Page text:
Iraqi officials: Suicide bombing at cafe in Baghdad neighborhood kills 35, wounds 45
BAGHDAD — A suicide bomber slammed his explosive-laden car Sunday night into a busy cafe in Iraq’s capital, part of a day of violence across the country that killed 45 people, authorities said.
The bombing at the cafe in Baghdad’s primarily Shiite Amil neighborhood happened as it was full of customers. The cafe and a nearby juice shop is a favorite hang out in the neighborhood for young people, who filled the area at the time of the explosions.
The blast killed 35 people and wounded 45, Iraqi officials said.
Violence has been on the rise in Iraq following a deadly crackdown by security forces on a Sunni protest camp in the northern town of Hawijah in April. At least 385 have died in attacks in Iraq so far this month, according to an Associated Press count.
In a village north of Baghdad, a car bomb targeted a police officer’s house, killing his father, brother and five nephews, officials said. Six others were wounded in the blast, which happened when the officer was not at home.
With advent of gay marriage in NJ, some couples still facing issues getting licenses
TRENTON, N.J. — With the advent of same-sex marriage in New Jersey, couples are thrilled and, in many cases, confused about how to proceed.
Advocates and others are claiming that the state of New Jersey did not give ample instructions to town clerks and others on how to administer marriage licenses to same-sex couples.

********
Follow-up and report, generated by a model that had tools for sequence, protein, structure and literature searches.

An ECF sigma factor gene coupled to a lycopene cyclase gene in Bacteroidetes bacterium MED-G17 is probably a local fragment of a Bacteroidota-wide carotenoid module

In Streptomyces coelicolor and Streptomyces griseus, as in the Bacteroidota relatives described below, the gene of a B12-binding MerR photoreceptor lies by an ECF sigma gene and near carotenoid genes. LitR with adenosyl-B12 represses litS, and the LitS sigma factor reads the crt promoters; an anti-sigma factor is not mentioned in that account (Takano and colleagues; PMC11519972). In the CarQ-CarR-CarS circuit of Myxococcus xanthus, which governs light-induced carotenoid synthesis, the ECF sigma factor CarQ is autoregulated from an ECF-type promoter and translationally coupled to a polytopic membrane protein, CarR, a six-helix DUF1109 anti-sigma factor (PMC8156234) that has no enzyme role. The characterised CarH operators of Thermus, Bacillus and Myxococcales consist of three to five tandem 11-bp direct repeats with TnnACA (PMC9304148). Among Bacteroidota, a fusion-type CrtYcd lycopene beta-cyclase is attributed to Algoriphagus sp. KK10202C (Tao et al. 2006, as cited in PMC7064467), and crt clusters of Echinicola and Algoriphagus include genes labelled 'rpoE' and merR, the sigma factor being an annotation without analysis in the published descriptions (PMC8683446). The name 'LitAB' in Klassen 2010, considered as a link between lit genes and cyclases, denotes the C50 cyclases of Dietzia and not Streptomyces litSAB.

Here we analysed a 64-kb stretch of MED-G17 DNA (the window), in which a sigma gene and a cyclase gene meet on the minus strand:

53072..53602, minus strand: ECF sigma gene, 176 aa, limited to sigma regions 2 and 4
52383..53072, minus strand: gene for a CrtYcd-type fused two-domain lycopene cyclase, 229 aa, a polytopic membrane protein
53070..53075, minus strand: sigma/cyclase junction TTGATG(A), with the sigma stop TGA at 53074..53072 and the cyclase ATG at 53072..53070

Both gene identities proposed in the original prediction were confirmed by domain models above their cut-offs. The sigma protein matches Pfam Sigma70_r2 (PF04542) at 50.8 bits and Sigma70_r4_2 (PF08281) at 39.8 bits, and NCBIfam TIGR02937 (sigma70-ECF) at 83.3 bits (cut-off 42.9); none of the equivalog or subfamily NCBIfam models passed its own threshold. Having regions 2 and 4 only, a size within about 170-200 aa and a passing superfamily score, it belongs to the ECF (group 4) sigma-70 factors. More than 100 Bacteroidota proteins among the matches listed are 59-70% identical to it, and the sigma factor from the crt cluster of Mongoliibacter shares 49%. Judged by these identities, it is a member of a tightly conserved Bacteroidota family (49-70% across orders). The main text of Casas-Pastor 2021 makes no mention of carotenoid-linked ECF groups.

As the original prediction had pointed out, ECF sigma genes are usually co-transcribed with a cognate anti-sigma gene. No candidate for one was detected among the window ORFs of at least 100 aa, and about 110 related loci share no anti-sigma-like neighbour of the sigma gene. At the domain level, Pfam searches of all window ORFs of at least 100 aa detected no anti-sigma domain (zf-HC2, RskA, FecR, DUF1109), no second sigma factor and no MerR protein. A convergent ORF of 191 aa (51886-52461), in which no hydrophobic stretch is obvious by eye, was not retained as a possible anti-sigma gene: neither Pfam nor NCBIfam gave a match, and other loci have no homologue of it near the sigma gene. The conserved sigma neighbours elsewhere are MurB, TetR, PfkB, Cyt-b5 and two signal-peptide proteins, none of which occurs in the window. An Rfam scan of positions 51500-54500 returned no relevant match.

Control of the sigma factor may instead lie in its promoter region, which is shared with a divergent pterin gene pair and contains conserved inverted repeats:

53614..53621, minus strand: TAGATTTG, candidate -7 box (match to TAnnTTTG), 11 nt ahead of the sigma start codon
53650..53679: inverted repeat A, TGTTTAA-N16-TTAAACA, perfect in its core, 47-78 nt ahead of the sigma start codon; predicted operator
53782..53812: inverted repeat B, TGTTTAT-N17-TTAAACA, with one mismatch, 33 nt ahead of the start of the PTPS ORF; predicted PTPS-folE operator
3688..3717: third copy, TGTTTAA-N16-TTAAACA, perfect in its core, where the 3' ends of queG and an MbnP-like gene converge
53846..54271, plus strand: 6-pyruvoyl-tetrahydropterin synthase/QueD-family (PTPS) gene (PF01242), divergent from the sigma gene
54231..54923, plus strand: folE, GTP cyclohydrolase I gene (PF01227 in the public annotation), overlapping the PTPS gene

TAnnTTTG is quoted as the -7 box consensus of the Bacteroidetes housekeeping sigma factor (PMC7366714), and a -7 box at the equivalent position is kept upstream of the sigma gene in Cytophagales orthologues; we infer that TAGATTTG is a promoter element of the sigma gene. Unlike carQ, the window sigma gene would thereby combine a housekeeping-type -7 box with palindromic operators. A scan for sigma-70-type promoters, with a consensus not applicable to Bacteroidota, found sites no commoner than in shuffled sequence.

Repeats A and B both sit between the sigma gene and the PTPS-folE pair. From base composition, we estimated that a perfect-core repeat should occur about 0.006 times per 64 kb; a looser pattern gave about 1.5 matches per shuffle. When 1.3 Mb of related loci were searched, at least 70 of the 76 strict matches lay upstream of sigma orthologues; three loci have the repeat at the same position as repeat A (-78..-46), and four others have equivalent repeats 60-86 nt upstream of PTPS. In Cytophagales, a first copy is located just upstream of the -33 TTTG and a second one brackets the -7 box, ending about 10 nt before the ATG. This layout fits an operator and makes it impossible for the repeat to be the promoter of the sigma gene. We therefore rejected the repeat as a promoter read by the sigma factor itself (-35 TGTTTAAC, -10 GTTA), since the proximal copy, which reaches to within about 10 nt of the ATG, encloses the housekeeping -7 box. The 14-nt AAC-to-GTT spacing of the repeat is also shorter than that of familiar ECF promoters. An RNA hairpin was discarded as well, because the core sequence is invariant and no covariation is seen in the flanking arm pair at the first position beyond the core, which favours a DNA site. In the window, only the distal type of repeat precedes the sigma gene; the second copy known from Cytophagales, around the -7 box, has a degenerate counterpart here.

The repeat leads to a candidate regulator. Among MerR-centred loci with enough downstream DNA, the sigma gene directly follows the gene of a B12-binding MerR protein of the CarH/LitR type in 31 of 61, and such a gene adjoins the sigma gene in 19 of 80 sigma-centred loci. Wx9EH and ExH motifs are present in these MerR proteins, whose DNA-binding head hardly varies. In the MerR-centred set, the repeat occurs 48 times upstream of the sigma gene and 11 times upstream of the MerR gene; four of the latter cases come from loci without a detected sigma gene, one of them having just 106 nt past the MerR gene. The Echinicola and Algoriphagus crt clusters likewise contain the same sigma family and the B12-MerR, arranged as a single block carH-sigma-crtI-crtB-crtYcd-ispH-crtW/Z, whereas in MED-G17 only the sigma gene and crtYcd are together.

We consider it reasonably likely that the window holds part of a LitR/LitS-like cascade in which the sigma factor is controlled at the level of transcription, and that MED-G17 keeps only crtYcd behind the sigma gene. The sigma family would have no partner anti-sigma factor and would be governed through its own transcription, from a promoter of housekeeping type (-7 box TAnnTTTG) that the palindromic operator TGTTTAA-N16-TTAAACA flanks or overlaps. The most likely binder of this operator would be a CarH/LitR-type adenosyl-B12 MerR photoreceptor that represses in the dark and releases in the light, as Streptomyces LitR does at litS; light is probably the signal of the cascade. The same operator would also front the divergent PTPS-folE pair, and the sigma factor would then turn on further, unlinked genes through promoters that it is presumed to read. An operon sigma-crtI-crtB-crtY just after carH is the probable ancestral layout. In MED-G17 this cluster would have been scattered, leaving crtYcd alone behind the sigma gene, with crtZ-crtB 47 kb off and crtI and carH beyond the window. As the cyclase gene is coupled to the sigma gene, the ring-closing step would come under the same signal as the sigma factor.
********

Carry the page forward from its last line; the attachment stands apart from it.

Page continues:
Same-sex marriages were scheduled to begin Monday at 12:01 a.m. The New Jersey Supreme Court last week refused to delay a lower court order for the state to start recognizing marriages. The case, however, is still on appeal.
Several couples planned to marry minutes after the state began recognizing the unions. Yet other said they had not been able to get a license. New Jersey law requires that couples wait three days between obtaining a license and getting married.
“There’s a lot of mass confusion and it boils down to the fact that the state should have issued guidance a week ago,” said Troy Stevenson, executive director of Garden State Equality.
World talks with Iran expose signs of early rift between US, Israel
JERUSALEM — Just days after the first round of global nuclear talks with Iran, a rift appears to be emerging between Israel and its closest ally, the United States.
Israel’s prime minister on Sunday called on the U.S. to step up the pressure on Iran, even as American officials hinted at the possibility of easing tough economic pressure. Meanwhile, a leading Israeli daily reported the outlines of what could be construed in the West as genuine Iranian compromises in the talks.
The differing approaches could bode poorly for Israel as the talks between six global powers and Iran gain steam in the coming months. Negotiators were upbeat following last week’s talks, and the next round of negotiations is set to begin Nov. 7.
Convinced Iran is pursuing nuclear weapons, Prime Minister Benjamin Netanyahu believes the Iranians are trying to trick the West into easing economic sanctions while still pushing forward with their nuclear program. Iran insists its program is for peaceful purposes.
“I think that in this situation as long as we do not see actions instead of words, the international pressure must continue to be applied and even increased,” Netanyahu told his Cabinet. “The greater the pressure, the greater the chance that there will be a genuine dismantling of the Iranian military nuclear program.”
By wire sources